Institute for War and Peace Reporting | Giving Voice, Driving Change

Signwriters Provide Final Flourish for Politicians

The election provided an unexpected boost for the art of calligraphy, as political hopefuls commissioned handwritten banners.
By Hazim al-Sharaa

Ahmed Mahanah says he made more money in the few weeks leading up to Iraq’s elections than he made in the previous six months.

Mahanah is a professional calligrapher, a trade still in wide demand wherever publicity material is produced using handwritten Arabic script.

“My shop was filled with the paint I was using to write banners that encouraged people to vote,” said Mahanah, puffing on a cigarette outside his shop in Dijla Street in the southeastern city of Amarah.

Much of the new business came from campaigners for the United Iraq Alliance, the list backed by prominent Shia cleric Grand Ayatollah Ali Al-Sistani.

The boom came to an end on June 28, as campaigning drew to a close the statutory two days before the election. The next day, Mahana did not get a single customer, but he could afford to relax.

As well as calligraphers, the fabric and paint merchants who supply the basic materials for signwriting are counting the profits they made during Iraq’s first multi-party election in 50 years.

Now they are looking forward to the campaigns for two more polls expected later in the year: a referendum on a new constitution in October, and elections for a standing parliament to replace the current interim body in December.

The diversity of material the calligraphers were called on to write meant they were buying more of everything, and wider range of colours.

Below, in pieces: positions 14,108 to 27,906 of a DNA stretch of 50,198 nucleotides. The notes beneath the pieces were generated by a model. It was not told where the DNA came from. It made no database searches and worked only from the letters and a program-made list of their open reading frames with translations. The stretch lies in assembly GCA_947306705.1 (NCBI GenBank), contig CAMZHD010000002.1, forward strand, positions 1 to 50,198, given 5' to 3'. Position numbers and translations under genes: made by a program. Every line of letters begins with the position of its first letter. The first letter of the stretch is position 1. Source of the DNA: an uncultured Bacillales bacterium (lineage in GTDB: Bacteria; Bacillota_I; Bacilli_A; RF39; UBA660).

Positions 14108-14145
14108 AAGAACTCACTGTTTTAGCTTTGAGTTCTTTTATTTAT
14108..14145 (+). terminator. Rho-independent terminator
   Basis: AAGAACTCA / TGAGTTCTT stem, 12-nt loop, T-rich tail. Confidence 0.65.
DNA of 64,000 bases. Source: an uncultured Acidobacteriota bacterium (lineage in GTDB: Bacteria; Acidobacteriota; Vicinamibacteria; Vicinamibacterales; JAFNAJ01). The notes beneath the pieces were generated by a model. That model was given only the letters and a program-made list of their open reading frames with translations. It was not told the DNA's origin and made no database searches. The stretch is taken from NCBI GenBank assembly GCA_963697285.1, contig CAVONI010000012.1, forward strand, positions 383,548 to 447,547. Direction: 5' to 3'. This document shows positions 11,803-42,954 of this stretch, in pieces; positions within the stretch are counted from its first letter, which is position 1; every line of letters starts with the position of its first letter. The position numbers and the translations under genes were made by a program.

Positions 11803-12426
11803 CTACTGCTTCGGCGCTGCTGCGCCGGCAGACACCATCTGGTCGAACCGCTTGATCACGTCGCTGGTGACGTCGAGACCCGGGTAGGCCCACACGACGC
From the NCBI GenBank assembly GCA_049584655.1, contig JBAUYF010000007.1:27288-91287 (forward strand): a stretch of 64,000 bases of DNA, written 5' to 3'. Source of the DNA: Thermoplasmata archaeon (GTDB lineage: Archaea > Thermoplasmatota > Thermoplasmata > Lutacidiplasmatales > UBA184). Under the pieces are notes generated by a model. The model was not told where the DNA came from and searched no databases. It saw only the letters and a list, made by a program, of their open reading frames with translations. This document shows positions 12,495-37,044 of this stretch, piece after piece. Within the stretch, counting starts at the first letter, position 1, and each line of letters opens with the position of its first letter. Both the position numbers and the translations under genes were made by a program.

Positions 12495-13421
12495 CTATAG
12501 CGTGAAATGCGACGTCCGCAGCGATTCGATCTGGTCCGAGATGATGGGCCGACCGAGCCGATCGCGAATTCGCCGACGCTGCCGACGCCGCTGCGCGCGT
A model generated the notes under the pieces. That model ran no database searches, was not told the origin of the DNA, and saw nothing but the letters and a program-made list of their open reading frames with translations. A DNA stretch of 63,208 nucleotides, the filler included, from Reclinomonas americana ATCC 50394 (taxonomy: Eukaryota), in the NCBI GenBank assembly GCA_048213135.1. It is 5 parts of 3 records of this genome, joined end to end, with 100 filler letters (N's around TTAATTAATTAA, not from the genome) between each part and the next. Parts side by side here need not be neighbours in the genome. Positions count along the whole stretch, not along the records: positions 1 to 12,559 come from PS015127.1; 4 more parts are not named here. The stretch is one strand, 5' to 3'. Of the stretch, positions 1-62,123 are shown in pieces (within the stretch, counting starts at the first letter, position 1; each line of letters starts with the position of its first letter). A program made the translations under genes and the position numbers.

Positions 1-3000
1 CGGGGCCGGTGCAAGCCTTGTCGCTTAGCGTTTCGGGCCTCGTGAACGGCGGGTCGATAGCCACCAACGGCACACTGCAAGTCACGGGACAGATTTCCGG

“Usually the calligraphers use white or yellow to write banners for funerals, but ahead of the election I was selling several colours,” said paint seller Said Muhaissn.

Haberdashery owner Abbas Shinndy said he was shifting fabric at a rate of 70 to 90 metres every day at the peak of the political campaigning.

”I didn’t make a huge profit because the political parties always chose cheap fabrics to use in their campaigns, but it [still] meant extra profits for me,” he said.

Shinndy thinks the December election will be even better for business, because there were be even more contenders, such as those parties which ran a boycott this time round.

Calligrapher Jasim Muhammed said things have certainly changed since the days of Saddam Hussein, when the regime forced calligraphers to produce banners for little or no payment.

Much of the material they were called upon to write consisted of diatribes against whichever country Iraq was fighting at the time, recalled Muhammed, adding, “They said that it was our duty to fight the enemy in our own way, and that we should do our best to gratify our leaders.”

This election was different, according to Muhammed, who said his colleagues have now regained their pride in their work.

“I don’t want to write about death, and I don’t want the Saddam era to be repeated,” he said. “I’m fed up of writing the names of young people who died in Saddam’s wars.”

Hazim al-Sharaa is an IWPR trainee journalist in Iraq.

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